3 flags have flown over independent Seychelles. How did they look?
(Seychelles News Agency) - To mark the 40th anniversary of Seychelles’ independence, SNA takes a look at the history and meaning of the three different flags that have flown over the Republic of Seychelles.
The first flag of the independent Republic of Seychelles was hoisted on June 29, 1976, as the British one was lowered after the island nation gained its independence. Floated for only one year, the flag was abolished after Albert Rene overthrew President James Mancham on June 5, 1977.
Meaning: The blue and white triangles, divided by a white saltire (cross), of the first flag were selected with the colors of the two main political parties -- the Democratic Party and the Seychelles People's United Party -- in mind. It also greatly resembled the flags of its past colonial rulers, Britain and France.
|Photo 1: (Mahe Publications Ltd) Photo License: All Rights Reserved Photo 2: (Wikipedia) Photo License: CC-BY|
The flag of the second republic flew between 1977 – 1996. It was red over white and green wavy stripes. Originally the flag was used by the Seychelles People's United Party with the only difference between the two flags was a yellow rising sun.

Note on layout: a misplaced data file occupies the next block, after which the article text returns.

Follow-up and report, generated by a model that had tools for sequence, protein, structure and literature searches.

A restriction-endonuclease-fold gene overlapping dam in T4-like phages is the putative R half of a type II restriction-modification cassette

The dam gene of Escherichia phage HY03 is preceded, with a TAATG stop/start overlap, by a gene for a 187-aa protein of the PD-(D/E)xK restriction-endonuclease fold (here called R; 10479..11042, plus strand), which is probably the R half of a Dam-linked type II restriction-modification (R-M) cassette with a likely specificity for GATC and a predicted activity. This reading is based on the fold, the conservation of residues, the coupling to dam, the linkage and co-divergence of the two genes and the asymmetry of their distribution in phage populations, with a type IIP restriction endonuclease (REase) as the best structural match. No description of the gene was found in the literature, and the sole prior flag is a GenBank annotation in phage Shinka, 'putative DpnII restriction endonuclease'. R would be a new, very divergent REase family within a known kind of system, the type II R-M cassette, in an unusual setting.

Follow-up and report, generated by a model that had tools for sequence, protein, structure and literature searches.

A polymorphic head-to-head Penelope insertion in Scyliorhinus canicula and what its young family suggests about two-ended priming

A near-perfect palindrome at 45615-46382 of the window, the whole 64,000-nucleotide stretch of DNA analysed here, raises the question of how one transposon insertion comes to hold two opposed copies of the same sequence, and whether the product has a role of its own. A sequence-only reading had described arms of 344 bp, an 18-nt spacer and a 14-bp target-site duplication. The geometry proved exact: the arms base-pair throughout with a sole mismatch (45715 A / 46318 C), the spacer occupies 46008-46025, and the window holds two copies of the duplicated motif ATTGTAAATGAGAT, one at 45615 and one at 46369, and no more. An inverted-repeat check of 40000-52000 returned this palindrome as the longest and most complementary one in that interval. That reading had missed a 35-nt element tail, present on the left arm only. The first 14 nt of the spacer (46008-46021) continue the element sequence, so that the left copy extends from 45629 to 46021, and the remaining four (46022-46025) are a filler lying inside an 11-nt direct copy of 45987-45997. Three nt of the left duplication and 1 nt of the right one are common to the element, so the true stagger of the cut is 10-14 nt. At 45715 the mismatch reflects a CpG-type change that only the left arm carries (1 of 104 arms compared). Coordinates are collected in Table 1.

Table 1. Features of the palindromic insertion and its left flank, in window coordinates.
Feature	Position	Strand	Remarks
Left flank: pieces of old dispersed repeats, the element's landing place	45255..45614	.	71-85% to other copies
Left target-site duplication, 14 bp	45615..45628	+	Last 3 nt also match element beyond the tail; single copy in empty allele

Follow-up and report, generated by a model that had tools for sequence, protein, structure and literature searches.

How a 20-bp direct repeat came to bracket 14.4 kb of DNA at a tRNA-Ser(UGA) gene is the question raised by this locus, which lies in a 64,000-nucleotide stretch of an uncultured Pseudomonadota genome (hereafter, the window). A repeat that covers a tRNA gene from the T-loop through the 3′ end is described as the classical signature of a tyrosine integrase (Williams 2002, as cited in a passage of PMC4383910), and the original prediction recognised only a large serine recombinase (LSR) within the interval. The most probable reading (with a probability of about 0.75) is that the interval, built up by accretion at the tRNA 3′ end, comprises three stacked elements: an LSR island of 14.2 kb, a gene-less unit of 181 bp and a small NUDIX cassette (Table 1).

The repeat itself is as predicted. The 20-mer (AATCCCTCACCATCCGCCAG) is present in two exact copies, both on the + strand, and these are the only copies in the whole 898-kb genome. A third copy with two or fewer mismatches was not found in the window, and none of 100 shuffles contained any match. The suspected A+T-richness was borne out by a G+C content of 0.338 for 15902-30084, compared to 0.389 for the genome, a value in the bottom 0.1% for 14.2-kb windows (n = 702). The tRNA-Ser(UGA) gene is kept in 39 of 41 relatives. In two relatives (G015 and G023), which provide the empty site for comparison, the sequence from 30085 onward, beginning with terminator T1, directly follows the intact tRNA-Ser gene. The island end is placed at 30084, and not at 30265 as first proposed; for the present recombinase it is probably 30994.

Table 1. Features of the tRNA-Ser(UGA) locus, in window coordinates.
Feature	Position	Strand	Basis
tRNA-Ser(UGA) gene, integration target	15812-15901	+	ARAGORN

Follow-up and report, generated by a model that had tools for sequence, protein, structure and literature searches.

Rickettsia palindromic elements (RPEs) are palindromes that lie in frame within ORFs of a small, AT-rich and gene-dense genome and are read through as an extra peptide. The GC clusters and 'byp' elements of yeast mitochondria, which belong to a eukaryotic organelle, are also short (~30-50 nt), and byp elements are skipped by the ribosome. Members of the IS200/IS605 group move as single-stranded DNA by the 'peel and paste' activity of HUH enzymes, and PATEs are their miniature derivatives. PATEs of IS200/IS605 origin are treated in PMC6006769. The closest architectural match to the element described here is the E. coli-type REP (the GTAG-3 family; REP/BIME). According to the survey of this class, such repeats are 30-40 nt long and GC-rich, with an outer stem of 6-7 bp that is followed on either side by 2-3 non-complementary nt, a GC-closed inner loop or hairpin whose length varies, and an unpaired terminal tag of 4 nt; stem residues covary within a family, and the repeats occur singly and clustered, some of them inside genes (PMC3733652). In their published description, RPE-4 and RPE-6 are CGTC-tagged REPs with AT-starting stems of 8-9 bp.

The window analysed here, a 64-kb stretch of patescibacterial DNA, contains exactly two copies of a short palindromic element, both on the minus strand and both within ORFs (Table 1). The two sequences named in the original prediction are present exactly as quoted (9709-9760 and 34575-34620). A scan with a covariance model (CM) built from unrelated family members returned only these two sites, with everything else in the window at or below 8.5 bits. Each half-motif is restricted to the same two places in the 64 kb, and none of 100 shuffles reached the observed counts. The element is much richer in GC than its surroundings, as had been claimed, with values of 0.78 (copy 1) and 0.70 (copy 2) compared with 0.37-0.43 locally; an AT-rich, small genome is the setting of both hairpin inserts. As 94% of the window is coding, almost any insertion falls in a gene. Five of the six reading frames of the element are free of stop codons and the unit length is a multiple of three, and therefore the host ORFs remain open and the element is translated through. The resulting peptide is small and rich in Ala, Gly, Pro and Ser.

Meaning: Red represents progress and revolution. White depicted the waves that crashes on the beaches of Seychelles and the resources obtained from the ocean. Green symbolizes the earth and agriculture.
|(Wikipedia) Photo License: CC-BY|
Approved by the Seychelles parliament, the flag of the third republic was launched on June 18, 1996 under the new multiparty system. Made up of five oblique bands of blue, yellow, red, white and green, the current flag represents “a dynamic young country moving into a new future”.
Meaning: Blue symbolizes the sky above and the sea that surrounds the Seychelles. Yellow represents the sun which gives light and life. Red depicts the people and their determination to work. White is for social justice and harmony. Green depicts the land and natural environment which Seychelles prides over.
|(Joe Laurence, Seychelles News Agency) Photo License: CC-BY|